8. Well, if it helps then there should be no doubt in your mind but to go for the hearing aid. For the past three days I have had a high ringing but also a bass boiler type noise and pressure behind my ears due i think to the flu i’ve had and its really quite disturbing having sound bouncing around in odd distorted ways, very uncomfortable feeling. I am sure not hearing properly affects how you feel on many levels.
    From a welshie,
    Isla xxx

    1. Hey Welshie – lovely to have your comment although now worried about your hearing… get it checked out – let us know how you get on and thanks again for taking the time to leave a comment x

  9. Most people wait for 7 years after getting a dx of hearing loss before they do something. However I appreciate from your blog that you had such bad advice that you were not able to make an informed decision.
    Firstly, Hearing loss is not done in percentages. The audiogram is a log scale and percentages do not apply. So lets break it down. There are two different graphs there. the are for the nerve and the X (left) and O (right) are how the ear as a whole is functioning.

    Sound is a pressure wave. The numbers on the y axis or the left side of the graph are how much pressure it takes to move air to hear the sound. 0 is a normed scale so if you are the average man, your hearing should be at 0 across the board but our margin of error is 15 so anything between 0 and 15 is normal. So at a normed scale=0 is 0 micropascals of pressure needed to more the air molecules. because it is a log 10 scale, as you go down, the number indicates how many 0’s of additional pressure is needed. 10 is 10. 20 = 100, 30= 1000, 40= 10,000 the number on the X axis or the top are the frequencies.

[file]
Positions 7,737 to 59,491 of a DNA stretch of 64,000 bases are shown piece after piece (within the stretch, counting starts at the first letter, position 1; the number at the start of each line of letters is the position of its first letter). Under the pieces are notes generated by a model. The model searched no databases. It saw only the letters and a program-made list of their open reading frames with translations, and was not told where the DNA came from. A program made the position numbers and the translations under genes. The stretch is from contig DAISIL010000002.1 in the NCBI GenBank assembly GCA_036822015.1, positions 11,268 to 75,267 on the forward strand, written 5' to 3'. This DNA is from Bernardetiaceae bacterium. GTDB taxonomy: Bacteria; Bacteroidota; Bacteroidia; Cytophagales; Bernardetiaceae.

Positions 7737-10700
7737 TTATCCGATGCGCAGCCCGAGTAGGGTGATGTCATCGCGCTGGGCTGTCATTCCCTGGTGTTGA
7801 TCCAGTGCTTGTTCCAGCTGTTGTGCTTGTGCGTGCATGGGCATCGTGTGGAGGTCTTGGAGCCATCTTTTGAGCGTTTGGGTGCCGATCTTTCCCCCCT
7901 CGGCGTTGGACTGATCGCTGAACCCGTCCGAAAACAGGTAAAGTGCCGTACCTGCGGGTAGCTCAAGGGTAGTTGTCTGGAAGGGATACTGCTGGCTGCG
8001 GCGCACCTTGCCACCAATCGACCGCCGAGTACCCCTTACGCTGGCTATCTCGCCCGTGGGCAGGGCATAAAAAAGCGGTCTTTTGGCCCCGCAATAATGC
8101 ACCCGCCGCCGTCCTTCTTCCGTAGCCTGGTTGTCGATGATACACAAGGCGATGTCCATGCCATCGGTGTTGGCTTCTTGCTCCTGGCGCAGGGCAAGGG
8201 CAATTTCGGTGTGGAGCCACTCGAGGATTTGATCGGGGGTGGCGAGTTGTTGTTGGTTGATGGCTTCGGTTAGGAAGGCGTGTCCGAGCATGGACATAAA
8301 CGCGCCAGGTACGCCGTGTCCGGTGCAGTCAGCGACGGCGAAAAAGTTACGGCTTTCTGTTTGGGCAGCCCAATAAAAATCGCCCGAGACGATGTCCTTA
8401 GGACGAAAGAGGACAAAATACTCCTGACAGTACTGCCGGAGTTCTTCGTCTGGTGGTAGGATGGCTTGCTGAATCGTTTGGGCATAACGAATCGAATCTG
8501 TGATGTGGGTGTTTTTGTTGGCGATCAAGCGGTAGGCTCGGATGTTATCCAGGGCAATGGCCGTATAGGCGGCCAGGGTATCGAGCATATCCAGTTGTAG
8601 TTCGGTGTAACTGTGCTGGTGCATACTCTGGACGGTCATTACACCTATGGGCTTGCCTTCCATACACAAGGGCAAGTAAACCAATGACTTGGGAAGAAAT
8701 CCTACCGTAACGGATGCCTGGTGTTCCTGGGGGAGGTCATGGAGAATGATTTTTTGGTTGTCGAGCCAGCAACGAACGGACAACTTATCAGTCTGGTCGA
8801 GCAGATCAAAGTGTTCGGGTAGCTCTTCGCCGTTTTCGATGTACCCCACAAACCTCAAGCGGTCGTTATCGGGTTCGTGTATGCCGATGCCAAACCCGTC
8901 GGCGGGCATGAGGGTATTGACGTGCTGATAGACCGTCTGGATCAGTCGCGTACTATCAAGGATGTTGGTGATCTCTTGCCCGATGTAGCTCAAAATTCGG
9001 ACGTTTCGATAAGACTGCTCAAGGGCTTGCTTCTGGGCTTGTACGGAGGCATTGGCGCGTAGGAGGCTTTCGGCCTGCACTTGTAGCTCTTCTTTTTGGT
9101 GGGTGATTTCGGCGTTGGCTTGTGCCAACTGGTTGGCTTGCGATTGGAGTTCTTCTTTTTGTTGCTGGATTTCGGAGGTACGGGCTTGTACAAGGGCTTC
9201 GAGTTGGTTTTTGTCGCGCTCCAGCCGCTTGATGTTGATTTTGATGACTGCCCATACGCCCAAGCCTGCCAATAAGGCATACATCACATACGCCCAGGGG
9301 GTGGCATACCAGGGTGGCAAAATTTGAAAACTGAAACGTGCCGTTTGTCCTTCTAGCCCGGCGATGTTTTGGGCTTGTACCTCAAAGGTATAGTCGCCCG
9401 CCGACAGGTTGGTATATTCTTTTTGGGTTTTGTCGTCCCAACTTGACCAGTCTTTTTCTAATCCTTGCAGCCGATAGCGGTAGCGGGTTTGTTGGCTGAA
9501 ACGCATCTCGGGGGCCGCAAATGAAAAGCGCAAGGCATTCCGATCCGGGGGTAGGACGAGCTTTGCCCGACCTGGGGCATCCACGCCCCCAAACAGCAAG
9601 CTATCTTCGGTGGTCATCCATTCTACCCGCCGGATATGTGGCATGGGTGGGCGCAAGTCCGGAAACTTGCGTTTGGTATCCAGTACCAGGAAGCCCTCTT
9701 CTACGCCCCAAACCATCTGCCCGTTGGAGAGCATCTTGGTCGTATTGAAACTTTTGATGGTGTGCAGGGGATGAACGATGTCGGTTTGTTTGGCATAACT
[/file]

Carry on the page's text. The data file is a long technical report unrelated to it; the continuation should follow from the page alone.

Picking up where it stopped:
What your audiogram tells me is that the nerve is basically normal but sound is being blocked by the middle ear space and so you need more pressure to push past the blockage. Once it gets to the nerve, you hear pretty normally.
    Because the nerve is pretty normal, sign and cochlear implants are not and probably never will be necessary (unless you want to learn another language and then Sign is cool and one of NZ;s official languages.)
    The good news is that with hearing aids, we should be able to get your hearing pretty well back to normal. If you had a nerve damage, this would not be possible as even the best hearing aids. Hearing aids are great speakers but it does not matter how good the speakers are if you are putting them on a crap stereo (nerve damaged) system.

    More good news is that hearing aids are now great speakers and even the most basic (which is all you would need) all have blue tooth and wifi capabilities so you can take calls, stream music and podcasts. So you needn’t spend a fortune and you will love them and wonder why you waited soooooo long.

    1. Thanks for taking the time to write and share your insights Lisa – deeply appreciated – will digest in due course.